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When to Harvest Butternut Squash: Tips & Tricks

when to harvest butternut squash
Foto: CC0 / Pixabay / JoBanana

If you want to know when to harvest butternut squash, you’re in the right place. We’ll provide some useful tips and tricks to keep in mind when during your harvest.

Butternut squash is often used in various recipes and is extremely versatile. It boasts many attractive nutritional benefits and is a great source of vitamin C, fiber, vitamin A, magnesium, and potassium. This makes it a great choice to incorporate into an existing meal or to cook on its own. The choice is all yours.

To obtain this tasty winter squash, you can either grow it yourself or purchase it. Growing your own is often advantageous from an environmental perspective, as it reduces transportation emissions, pollution, and the use of pesticides. Some individuals even find it more convenient to grow in their gardens. If you already grow your own, you may wonder when to harvest your butternut squash — and we’ve got the answers you’re looking for.

When to Harvest Butternut Squash

Butternut squash is usually ready to harvest in the months of September or October.
Butternut squash is usually ready to harvest in the months of September or October. (Foto: CC0 / Pixabay / Bluesnap)

There are several giveaway signs that will help you to decide when to harvest your butternut squash. You should be able to familiarize yourself with these pretty quickly. If you’re a seasoned gardener, then you may find the whole process a breeze. Here is how you can tell if your squash is ready to harvest:

  • It weights between two to three pounds
  • The skin is an orange or tan color with no green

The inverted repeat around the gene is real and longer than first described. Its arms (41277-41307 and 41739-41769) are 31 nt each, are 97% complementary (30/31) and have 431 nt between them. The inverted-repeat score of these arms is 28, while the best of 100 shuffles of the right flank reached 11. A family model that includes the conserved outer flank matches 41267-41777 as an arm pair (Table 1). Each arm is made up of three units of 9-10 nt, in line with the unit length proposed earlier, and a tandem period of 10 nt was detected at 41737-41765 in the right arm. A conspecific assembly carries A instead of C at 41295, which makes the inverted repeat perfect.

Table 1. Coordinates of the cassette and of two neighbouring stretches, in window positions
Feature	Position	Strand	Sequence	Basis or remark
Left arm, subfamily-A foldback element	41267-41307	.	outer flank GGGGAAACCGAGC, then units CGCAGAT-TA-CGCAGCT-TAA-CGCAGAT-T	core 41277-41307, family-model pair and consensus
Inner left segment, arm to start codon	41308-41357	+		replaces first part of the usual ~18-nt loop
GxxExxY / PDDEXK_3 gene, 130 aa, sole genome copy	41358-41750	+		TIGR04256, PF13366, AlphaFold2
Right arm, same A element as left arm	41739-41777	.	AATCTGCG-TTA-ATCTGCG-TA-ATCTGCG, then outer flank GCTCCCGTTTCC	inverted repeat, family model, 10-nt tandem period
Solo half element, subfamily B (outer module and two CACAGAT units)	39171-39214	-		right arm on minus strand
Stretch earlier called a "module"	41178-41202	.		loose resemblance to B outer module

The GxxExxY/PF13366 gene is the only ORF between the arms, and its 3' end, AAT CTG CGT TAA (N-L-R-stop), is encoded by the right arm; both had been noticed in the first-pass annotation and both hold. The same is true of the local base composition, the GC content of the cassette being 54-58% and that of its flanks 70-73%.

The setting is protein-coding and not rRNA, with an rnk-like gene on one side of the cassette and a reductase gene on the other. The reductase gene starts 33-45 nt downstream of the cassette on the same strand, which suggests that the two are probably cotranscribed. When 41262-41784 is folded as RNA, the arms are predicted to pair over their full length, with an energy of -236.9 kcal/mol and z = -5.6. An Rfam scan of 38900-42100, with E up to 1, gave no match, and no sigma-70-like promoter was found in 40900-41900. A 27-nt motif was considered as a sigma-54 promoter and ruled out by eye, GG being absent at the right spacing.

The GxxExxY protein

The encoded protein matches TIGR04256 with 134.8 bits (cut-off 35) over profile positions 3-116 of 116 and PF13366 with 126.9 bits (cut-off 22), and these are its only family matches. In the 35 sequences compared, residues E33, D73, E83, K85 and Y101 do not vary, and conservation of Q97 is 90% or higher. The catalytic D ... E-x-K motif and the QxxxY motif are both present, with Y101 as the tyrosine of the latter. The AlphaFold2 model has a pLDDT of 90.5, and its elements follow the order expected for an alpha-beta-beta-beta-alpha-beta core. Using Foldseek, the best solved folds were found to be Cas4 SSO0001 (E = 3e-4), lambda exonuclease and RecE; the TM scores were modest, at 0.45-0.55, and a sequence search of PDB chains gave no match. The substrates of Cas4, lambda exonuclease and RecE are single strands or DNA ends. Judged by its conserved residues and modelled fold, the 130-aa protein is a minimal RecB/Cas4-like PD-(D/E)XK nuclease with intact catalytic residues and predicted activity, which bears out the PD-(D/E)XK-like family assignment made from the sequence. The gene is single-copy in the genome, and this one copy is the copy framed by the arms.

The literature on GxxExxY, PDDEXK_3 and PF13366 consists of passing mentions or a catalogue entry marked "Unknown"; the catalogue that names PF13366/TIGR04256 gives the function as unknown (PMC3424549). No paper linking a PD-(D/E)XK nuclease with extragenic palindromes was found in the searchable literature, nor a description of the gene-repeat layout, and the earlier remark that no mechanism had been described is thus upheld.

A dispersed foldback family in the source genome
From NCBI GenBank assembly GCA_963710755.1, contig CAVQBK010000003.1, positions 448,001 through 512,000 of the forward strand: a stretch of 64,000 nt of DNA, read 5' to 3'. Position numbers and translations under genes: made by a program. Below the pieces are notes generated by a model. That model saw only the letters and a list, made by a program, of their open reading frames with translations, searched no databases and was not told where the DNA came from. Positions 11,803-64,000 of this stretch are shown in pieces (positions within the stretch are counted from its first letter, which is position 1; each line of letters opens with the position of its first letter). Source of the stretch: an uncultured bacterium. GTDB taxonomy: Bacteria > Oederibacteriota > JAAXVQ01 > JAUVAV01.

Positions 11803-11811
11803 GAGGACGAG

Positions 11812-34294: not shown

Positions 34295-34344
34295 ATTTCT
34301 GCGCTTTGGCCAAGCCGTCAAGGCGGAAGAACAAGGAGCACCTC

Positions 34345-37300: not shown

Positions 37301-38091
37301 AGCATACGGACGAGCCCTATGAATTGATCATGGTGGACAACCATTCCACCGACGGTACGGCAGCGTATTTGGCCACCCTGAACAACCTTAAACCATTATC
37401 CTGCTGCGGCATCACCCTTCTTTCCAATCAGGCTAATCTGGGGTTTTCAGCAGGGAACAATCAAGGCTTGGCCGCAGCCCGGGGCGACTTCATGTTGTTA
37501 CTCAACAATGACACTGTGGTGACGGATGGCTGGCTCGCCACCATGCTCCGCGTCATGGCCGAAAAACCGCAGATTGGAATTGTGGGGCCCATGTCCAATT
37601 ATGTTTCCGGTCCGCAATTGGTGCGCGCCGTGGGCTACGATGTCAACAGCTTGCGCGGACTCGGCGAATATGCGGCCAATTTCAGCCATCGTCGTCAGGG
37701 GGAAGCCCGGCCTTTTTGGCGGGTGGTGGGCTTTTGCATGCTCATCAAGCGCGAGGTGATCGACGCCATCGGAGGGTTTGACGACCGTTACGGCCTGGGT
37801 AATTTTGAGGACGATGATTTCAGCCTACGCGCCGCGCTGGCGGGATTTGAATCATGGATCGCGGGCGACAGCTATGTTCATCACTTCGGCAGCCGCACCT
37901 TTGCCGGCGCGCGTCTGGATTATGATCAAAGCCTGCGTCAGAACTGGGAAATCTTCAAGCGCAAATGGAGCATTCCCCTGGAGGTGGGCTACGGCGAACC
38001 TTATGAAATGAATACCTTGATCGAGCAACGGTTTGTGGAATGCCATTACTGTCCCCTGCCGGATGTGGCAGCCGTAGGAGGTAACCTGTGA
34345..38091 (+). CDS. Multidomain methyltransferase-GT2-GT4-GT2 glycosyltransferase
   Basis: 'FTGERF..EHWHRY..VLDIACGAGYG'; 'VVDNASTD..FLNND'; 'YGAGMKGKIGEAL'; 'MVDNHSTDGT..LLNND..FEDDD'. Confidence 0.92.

• The skin should also be very firm and hard
  • Between 100 to 120 days have passed since first planting them
  • The stems are brown and dry

If you’re not sure how to tell whether your butternut squash is hard, try pressing a fingernail in. If it’s ready for harvest, it shouldn’t puncture the skin at all. While butternut squash can generally be grown anywhere in the US, it does prefer climates that are humid and warm. They don’t like frost. This is why they are normally planted in late spring or early June. Harvesting when ripe will also ensure maximum flavor.

However, what about if you live in a hotter climate? If you happen to live in a warmer state, then you can plant your butternut squash in late May to early June too. However, you can plant as early as mid-February in some parts of Arizona. It all comes down to how much frost there is. They are typically ready to harvest around the month of September.

How to Harvest Butternut Squash

Butternut squash needs to be kept dry while curing.
Butternut squash needs to be kept dry while curing. (Foto: CC0 / Pixabay / ulleo)

When it comes to harvesting your butternut squash, there are some useful tips you can utilize to get the best quality. Here is how to correctly harvest butternut squash: